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Customer Service in a Fragile Era

Quick-Change Artists

I’ve been a full-time bookseller at McLean & Eakin since 2003, but I’ve spent my summers working here in my family’s store since its opening, in 1992. We’re located in Petoskey, a small city in northern Michigan, and are one of the few places readers can find the latest and greatest reads, like Peter Geye’s The Lighthouse Road, along with classics like Slaughterhouse-Five. Focusing on customer service and great recommendations was what built the store’s reputation, and it quickly became a treasured spot in our area. However, in 1994, an online retailer named Amazon was hatched and changed the bookselling landscape forever. In fact, these days, change is about the only thing one can really depend on, and being able to adapt will be crucial if indie shops like mine hope to survive.

McLean and Eakin Bookstore Image

I’ve often heard it said that our indie store customers buy one in four books from us, and that’s if we’re lucky. That statistic is in part because of steep discounts offered online, but it’s also because we haven’t continued to provide our customers with the content they want. Indie stores have been learning to sell ebooks, which is important, and there is about to be a new chapter written in this relationship that I’m very excited about. The American Booksellers Association’s (ABA) recent partnership with e-reader manufacturer Kobo means huge strides in better serving the digital customer. By partnering with Kobo, indie stores like ours will have the ability to sell over 2.5 million different titles electronically. Our customers will not only be able to shop on a variety of devices they may already own, like iPads, Nooks, or even their smart phones, but we will also sell a variety of top-shelf e-readers that will link directly with our store, which is how many people prefer to buy ebooks. Many stores like ours are seeing an increase in online sales, and I expect this improvement in our ebook offerings will increase those sales all the more. We owe it to our customers to find ways to stay with them as their buying trends change, and to do this we need to continue to widen the scope of what we offer online.

Focusing on ebooks as the only digital content worth pursuing would be a mistake, however. We need to revisit the bookstore of the ’80s and ‘90s and see what content they sold: books, audio books, music, movies, and magazines. Every one of these media has a digital form, and we should be pursuing the ability to sell them all. I also think that the natural evolution of media in a digital form is away from Digital Rights Management. DRM is intended to protect a file from being illegally copied; in reality, though, it is very simple to strip a file of its DRM, and this only results in frustration for the end user, as it creates additional hurdles for them when transferring their ebooks from device to device. The evolution away from DRM happened with music, it’s happening with digital audio books to a great degree, and it has begun to happen with ebooks. I wouldn’t be surprised to see the day when we can buy movies and TV shows without DRM. When that happens, both retailers and customers will have a better experience, and more books, music, and movies will be sold.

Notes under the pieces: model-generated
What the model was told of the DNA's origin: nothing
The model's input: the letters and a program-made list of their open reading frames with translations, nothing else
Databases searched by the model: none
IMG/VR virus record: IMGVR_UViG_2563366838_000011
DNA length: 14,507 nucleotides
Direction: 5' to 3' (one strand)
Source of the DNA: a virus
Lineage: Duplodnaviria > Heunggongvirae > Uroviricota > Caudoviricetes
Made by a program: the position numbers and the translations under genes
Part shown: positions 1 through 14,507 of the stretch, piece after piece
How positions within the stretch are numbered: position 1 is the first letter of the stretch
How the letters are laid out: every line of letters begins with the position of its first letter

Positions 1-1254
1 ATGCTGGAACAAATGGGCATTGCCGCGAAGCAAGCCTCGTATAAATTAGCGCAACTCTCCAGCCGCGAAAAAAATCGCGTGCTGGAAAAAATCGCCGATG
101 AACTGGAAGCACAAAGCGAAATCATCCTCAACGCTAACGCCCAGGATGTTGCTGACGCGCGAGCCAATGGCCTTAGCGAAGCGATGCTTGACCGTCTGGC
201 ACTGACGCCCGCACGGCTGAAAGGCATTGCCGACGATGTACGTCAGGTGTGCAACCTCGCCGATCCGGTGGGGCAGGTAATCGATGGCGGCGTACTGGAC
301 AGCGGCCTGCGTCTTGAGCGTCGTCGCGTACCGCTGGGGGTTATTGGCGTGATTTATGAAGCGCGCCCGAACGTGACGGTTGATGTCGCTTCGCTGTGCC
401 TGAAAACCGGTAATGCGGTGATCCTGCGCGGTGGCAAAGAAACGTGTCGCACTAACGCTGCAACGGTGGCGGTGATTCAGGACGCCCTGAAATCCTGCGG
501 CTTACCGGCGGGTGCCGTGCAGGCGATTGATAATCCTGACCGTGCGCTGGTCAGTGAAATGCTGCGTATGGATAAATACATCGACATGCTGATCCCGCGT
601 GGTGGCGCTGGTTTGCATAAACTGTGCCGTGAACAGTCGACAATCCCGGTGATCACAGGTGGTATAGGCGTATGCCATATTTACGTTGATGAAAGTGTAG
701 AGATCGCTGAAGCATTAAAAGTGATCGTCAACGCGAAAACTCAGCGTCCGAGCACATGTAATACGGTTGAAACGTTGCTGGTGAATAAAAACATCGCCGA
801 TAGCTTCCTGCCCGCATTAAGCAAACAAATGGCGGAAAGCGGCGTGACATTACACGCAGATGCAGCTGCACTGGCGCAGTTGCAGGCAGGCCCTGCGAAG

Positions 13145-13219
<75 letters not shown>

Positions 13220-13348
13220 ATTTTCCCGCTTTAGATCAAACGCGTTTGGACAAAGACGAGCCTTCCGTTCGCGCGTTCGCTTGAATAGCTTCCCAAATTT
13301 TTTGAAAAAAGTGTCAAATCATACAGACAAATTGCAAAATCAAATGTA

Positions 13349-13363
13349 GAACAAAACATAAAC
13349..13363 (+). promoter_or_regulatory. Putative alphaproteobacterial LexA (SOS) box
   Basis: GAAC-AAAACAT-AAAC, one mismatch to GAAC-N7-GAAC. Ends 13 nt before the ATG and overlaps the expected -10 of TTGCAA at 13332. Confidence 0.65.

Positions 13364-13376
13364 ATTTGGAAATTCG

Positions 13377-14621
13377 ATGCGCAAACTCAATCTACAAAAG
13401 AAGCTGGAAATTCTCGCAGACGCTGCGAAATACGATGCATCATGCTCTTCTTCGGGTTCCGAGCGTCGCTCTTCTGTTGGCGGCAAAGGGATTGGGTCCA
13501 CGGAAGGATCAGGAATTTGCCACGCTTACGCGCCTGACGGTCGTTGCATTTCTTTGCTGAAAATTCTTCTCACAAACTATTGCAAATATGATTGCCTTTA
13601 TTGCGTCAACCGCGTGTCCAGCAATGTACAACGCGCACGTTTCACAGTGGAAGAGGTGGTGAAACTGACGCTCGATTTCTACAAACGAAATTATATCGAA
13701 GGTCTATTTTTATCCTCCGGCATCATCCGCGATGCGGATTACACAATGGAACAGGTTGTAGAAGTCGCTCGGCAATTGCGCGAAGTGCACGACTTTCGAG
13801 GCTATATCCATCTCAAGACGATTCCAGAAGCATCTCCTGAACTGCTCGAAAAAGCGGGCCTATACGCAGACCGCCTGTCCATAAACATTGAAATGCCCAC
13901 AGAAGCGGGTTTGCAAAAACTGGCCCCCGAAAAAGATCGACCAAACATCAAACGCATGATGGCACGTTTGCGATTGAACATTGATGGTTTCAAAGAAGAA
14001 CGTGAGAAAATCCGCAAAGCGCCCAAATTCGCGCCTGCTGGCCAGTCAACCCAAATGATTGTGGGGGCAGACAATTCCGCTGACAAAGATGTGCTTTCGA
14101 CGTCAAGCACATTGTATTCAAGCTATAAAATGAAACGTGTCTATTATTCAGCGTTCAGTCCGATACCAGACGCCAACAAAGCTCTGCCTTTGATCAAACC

I believe that if indies play their cards right they should expect sales growth for the foreseeable future. But we must be careful not to take this growth for granted. Each new face in our stores, each new customer purchase, should be treated like a gift. It’s a unique opportunity to connect with a customer and create a lasting relationship; if that opportunity is squandered, then a growth in sales will only be temporary. We need to value both the customer in our stores and online. The greater variety of materials we offer (digital or physical), the more we’ll become a destination for our customers. I want to achieve more than one out of four sales, and I think we can. Most importantly, I hope to see the day in our business when we can just get back to selling the stuff we love. No arguing about how you want to read, just discussing what you want to read. When that day comes, authors, publishers, booksellers, and readers will all be better off.

Matt Norcross and his wife, Jessilyn, have been co-owners of McLean & Eakin Booksellers since 2010. Matt has served on the board of directors of the Great Lakes Independent Booksellers Association (GLIBA) since 2005 and currently serves on the board of directors of the American Booksellers Association.

Matthew Norcross

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